Considerations of Designing with Handset Components

Considerations of Designing with Handset Components - RFMW, Ltd.At RFMW, our customers continually ask for the latest RF components and the latest technology. Often, a design engineer will come across a news article highlighting our suppliers’ products targeting mobile handset applications. Our suppliers offer some the smallest, the best performing and highest levels of integration in the industry. For mobile handsets, they are also price sensitive and low cost – everything a design engineer wants. When a design engineer anxiously contacts us to get samples or evaluation boards or pricing, we generally try to steer them away from these parts. WHY, you ask. It sounds like an easy sale handed on a silver platter. However, supporting this customers’ request may not be supporting this customers’ overall objectives.
For example, one of our suppliers offers SAW filters for LTE handsets. They are cutting edge and desirable. They meet all the criteria the customer wants except, the customer is not designing an LTE handset. His application is a small cell repeater. We generally advise customers like this to use an alternative because of the following:

Obsolescence. The lifetime of any given mobile phone is about 18 months before they are replaced by a new, ‘even better’ phone. For those new phones, the suppliers have new devices that are even smaller and more integrated. The last generation device is then “de-emphasized”. Since a typical small cell design may take between 12-18 months from concept to market, a customers’ product would be headed for production right about the time the handset components are potentially entering their end-of-life stage.

Support. Due to the high volumes required from a relatively small group of handset manufacturers, most component suppliers have a dedicated set of support and service people handling those manufacturers. The focus of these business units is all handset, all the time. If you’re not a handset customer, you probably won’t get timely support. That’s not a bad thing, it’s just good management that any business should follow – allocate resources for the largest ROI.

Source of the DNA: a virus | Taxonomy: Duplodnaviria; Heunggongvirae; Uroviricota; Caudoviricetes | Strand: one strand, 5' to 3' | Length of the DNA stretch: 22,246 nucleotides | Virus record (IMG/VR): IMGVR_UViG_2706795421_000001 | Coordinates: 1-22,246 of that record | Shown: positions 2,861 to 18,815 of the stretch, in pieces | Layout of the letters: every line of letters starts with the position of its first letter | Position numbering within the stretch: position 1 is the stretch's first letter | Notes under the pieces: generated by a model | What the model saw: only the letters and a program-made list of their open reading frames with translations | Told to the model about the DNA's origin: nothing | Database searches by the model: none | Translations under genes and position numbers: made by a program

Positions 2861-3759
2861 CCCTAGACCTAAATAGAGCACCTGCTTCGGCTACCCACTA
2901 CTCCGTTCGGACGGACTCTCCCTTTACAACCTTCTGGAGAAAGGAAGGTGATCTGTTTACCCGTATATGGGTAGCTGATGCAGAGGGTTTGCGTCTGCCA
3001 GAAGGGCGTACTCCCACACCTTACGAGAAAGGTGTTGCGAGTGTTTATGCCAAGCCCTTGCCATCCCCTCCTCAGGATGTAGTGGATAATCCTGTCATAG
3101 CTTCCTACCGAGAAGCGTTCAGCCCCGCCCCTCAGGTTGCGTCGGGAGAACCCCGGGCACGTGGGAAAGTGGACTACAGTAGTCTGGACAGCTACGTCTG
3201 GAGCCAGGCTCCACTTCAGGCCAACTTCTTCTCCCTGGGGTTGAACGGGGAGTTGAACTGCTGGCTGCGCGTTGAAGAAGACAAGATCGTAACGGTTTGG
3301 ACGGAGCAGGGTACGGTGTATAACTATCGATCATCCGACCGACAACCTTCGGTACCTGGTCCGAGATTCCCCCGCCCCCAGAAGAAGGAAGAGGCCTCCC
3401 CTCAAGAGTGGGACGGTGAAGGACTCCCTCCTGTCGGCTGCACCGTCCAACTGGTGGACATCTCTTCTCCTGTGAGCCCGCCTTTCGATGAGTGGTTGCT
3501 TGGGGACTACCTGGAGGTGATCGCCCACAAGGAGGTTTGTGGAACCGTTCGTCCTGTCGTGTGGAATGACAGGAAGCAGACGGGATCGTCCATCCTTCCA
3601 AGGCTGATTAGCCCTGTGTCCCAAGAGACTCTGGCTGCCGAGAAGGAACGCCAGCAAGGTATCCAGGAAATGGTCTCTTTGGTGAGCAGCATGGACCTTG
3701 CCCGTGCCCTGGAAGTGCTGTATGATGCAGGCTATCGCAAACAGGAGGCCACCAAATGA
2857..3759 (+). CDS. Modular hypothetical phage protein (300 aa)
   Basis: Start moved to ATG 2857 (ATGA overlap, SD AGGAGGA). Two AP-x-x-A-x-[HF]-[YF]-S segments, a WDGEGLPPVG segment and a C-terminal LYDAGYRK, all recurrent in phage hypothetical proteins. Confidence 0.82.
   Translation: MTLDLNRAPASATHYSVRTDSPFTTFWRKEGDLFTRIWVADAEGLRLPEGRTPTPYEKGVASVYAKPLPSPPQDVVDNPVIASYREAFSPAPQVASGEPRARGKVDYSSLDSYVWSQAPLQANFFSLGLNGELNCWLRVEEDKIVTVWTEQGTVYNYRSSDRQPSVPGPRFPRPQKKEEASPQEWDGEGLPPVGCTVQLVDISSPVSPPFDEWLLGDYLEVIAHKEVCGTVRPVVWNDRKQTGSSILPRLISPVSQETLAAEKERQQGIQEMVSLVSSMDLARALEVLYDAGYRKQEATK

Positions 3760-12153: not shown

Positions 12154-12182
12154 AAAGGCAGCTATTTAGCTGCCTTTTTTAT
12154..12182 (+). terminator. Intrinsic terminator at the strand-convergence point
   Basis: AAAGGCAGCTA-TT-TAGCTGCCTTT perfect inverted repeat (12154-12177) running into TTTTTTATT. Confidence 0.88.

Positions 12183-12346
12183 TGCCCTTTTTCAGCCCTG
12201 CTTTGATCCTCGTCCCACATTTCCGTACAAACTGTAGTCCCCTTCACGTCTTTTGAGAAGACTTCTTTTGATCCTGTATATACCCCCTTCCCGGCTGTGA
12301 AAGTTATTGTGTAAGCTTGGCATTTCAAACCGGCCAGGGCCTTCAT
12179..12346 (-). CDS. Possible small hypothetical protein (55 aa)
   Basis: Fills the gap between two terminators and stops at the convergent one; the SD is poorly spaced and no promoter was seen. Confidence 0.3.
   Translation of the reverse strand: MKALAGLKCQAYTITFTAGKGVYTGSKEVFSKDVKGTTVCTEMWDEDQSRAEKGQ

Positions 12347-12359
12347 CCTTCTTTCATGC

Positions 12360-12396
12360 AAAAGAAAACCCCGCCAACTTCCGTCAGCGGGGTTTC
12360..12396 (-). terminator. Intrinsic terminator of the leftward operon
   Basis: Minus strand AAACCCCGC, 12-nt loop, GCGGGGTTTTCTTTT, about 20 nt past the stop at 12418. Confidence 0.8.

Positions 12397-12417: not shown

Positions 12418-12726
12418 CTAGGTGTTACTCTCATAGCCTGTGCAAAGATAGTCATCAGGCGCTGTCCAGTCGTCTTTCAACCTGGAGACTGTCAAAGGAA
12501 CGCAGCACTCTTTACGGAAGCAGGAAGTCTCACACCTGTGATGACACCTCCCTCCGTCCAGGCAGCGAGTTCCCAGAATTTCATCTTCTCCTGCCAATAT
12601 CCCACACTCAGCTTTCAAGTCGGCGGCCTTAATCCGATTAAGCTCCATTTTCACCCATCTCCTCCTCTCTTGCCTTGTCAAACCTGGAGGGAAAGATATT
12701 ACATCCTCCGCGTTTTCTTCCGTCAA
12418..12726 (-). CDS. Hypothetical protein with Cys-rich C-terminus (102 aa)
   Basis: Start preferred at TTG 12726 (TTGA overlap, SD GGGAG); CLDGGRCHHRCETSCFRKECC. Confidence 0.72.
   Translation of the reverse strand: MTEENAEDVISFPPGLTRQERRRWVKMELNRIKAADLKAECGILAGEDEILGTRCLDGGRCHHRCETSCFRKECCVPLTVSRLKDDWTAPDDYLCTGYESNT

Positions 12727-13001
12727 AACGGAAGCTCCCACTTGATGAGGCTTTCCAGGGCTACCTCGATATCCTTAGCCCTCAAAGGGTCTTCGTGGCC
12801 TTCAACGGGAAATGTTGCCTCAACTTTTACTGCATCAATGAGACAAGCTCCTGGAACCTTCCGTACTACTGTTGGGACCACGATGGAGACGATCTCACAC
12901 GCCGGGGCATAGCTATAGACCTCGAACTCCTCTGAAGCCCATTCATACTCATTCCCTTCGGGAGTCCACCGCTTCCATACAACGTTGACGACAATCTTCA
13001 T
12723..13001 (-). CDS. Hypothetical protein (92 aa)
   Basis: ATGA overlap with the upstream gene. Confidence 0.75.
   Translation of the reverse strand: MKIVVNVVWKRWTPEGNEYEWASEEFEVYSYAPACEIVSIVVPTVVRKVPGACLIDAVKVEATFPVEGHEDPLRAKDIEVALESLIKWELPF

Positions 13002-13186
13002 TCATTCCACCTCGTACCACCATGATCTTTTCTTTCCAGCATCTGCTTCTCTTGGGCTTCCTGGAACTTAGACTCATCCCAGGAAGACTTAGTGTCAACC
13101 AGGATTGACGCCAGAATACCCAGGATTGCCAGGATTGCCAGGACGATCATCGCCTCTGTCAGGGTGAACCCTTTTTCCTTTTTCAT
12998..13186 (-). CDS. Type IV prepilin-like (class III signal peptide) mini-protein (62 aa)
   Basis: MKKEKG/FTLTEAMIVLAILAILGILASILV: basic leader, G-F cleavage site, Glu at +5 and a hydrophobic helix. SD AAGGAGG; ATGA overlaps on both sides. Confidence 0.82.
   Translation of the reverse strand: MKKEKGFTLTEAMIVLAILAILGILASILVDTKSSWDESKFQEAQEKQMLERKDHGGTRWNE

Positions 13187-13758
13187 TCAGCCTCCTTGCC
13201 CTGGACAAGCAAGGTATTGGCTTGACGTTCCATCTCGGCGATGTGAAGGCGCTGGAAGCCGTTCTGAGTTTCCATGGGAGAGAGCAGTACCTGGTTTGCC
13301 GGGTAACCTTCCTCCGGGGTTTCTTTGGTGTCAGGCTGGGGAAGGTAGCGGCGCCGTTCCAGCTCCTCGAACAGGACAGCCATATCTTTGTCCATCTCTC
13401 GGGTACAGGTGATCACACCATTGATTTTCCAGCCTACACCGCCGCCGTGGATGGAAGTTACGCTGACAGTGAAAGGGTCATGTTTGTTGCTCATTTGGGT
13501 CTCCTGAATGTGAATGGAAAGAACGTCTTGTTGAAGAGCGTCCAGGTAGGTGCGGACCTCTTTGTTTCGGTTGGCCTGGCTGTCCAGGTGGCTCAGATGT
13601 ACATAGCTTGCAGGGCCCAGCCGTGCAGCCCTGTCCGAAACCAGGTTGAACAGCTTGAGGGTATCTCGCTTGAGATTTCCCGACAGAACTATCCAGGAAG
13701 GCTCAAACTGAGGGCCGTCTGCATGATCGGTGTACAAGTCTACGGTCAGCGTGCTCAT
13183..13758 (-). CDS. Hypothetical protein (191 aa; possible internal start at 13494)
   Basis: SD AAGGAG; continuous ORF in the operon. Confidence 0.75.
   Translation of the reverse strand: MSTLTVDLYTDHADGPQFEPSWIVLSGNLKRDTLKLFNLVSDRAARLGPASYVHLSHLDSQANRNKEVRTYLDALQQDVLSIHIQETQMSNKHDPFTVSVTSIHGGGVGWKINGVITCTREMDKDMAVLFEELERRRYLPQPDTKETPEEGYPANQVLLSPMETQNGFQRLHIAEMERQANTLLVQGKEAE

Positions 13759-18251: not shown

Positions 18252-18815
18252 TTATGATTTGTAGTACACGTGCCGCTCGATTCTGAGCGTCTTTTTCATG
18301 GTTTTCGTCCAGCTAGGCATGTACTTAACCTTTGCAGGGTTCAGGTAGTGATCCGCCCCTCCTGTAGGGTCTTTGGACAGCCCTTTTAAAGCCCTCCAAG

Availability. Somehow you’ve gotten hold of some mobile phone parts. Despite the lack of support, you’ve designed them in and your product is quickly going to market. You need 50,000 pieces right away so you place an order with your friendly distributor only to hear that one of the big handset guys has placed an order for 1 million pieces. Who is going to get their parts, the guy who needs 50k or the big OEM needing a million, whom by the way, is currently designing his next phone and making decisions about supplier capacity to fulfill future orders? The answer is obvious.

As a specialized distributor, RFMW has insight into this phenomena, we’ve seen it before. Understanding a customer’s long term objectives often demands that we deny short term requests that do not support good business practices.

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